Q1 · 2016Is it business-critical?Finding the time to ask that simple one question

Hello everyone,

First, may I wish you all a very Happy New Year. 2016 is a year of special anniversaries for me. I received my first mandate as a performance psychologist in 1996 (20 years ago), and I officially founded my company in 2001, after having completed my PhD (15 years ago). Time flies indeed.

In this issue of “Spotlight on Performance” I could simply update you in detail about an amazingly successful year in 2015: I published one business book (More Life, Please!), and co-authored Olympic Champion Dominique Gisin’s book (Making It Happen); I worked with many leading companies, coached some outstanding leaders and athletes, and gave presentations and Key Note speeches in many different countries (I boarded an airplane about 45 times during the year). But rather than explore this further, I want to share something more personal – and more valuable.

I want to share something more personal – and more valuable.

In 2015, a client of mine (now a successful senior leader in a blue-chip organization) learned that her husband had been diagnosed with cancer. To make matters worse, she found out when she was working on a project abroad, a long way from home.

Although it was a very personal matter, she wanted to tell her manager what had happened. She approached him and asked, “Do you have some time – may I discuss something with you?” The company was in a very busy period and so was the manager. His response was, “I’m really busy. Is it business-critical?” She reflected for a couple of seconds before replying that it wasn’t.

My client never told her manager what happened, but soon afterwards she decided to leave – first the department, and then the company. It is a real loss for the company, since she had been an over-performer and top talent.

I know you have already realized: it was very business-critical.

As leaders, we may be tempted to say, “This would never happen to me.”

As leaders, we may be tempted to say, “This would never happen to me – I would never react like this, I would never let it happen”. But the truth is, that I have once made a mistake like this. It wasn’t as dramatic, but it was still significant.

Let me take you back in time and show you how this mistake shaped my career just as I was starting out.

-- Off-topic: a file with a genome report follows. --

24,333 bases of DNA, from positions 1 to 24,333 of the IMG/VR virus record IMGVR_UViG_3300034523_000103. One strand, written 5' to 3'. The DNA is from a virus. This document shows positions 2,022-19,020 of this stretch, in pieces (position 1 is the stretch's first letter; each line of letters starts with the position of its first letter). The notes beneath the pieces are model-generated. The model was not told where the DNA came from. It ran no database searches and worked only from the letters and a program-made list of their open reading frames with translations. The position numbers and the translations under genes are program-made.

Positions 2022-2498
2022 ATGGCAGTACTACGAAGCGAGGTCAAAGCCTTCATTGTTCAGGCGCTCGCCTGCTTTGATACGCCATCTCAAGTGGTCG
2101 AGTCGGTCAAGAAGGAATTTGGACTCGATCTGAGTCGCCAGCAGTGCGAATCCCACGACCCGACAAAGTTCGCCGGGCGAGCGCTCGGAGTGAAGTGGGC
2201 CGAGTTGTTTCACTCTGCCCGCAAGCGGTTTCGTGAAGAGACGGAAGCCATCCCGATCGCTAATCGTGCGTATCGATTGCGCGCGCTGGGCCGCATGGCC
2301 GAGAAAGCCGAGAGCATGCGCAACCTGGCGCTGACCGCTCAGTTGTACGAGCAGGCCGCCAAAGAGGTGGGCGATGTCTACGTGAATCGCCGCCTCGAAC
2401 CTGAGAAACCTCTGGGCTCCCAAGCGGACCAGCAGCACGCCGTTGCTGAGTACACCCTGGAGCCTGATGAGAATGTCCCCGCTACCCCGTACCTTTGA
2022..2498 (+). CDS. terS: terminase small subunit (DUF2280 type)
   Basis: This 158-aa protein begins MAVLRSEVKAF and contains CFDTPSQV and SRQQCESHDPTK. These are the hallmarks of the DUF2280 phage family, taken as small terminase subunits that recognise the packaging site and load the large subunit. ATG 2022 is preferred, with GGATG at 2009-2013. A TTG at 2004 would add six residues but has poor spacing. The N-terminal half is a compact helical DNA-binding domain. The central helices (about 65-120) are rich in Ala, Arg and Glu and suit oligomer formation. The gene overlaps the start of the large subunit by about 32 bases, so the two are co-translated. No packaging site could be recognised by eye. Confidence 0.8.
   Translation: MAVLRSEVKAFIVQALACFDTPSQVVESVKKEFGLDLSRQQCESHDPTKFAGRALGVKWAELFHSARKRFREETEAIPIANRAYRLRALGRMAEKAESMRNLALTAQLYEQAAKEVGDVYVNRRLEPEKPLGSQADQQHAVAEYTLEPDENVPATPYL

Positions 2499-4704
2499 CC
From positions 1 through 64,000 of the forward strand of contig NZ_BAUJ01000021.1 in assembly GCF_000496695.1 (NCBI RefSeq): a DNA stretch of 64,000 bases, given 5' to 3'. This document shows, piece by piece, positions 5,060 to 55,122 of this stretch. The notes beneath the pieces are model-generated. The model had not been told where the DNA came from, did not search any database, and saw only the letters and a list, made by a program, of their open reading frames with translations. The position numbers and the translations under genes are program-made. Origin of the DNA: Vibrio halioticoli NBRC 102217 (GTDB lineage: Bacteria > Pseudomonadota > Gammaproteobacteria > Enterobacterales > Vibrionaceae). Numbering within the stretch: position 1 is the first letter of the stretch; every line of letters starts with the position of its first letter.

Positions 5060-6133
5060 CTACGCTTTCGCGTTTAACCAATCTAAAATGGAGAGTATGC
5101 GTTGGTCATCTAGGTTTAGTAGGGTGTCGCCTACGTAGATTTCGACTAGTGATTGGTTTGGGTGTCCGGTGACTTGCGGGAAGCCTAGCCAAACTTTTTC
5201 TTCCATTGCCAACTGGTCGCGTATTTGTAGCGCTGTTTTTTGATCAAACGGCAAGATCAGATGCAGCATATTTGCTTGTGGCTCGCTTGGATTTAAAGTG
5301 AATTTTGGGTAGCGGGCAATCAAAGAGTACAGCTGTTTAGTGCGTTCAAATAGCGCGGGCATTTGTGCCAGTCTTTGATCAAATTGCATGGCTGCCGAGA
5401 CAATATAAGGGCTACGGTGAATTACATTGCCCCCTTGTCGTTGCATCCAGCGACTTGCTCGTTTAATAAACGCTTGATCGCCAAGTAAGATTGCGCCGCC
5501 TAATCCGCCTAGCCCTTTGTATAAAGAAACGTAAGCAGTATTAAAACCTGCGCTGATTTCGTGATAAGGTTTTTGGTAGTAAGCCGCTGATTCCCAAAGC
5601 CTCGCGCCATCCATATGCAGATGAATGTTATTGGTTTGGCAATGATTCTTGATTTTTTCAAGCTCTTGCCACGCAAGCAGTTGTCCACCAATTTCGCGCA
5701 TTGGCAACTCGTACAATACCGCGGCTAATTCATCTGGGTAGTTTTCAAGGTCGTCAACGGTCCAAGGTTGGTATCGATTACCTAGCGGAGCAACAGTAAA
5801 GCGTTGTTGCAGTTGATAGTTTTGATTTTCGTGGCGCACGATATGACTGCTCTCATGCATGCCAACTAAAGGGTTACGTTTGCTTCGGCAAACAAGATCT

In 1996, after I had been forced to retire early from professional soccer due to multiple knee surgeries, I decided to study performance psychology and build up the expertise to become a performance coach. To achieve this, I went to study in Canada with two of the leading professors in the field. At the same time, I worked with a women’s soccer team, the Ottawa Gee-Gees, to apply a high performance mindset to the team. For the first time in history, the team won the National Championship (scoring the match-winning goal in the overtime of the final).

One incident still sticks with me – and it wasn’t the Championship celebration.

While working with the team, several of the key players had reached out to me to help them maximize their individual performance, including one player in particular – a talented forward called Cassandra (not her real name). Cassandra was one of the leading players, but during the season she had suffered an ankle injury, so I helped her recovery by coaching her with an individual performance program. I thought we were making wonderful progress, but after a few sessions Cassandra didn’t come back; she dropped out of the coaching program completely.

I took this very personally – I just didn’t understand what had gone wrong. So on the evening when we were all celebrating the Championship victory, I approached Cassandra and asked her why she hadn’t kept our appointments. She said: “Chris, I loved your structured program, but it seemed you were so blinded by it that you forgot to ask me how I felt – you were more interested in the progress and metrics of your program than in my current state of mind and how I felt about the injury!”

“You forgot to ask me how I felt.”

Cassandra’s words really hit me. I realized that this was my first failure as a performance coach. It gave me so much to think about – and looking back I credit a large part of my subsequent development to that incident, because it changed my approach entirely; ultimately, it made me more ‘human’.

Expertise and excellence do not arrive overnight, as you know, and you certainly won’t achieve them if you aren’t ready to learn from your mistakes along the way. So I am always grateful for Cassandra’s feedback because she taught me something that, to this day, I have implemented in my professional life.

She showed me that, as well as technical skills, I needed to show empathy and humility, and take into account all the aspects of a given situation. I realized at this very early stage in my career that ambitious performance programs could only make a true and sustainable impact by combining these elements.

I hope you as leaders can do this, too. Never forget to ask your people: “How are you?” (and really mean it!), and truly listen to their answers, as a major part of your leadership. It will pay off.

Never forget to ask your people: “How are you?”

We are all busy people, but however busy we are, finding time to ask that one simple question: “How are you?” can be very business-critical indeed.

Wishing you every success in the year ahead,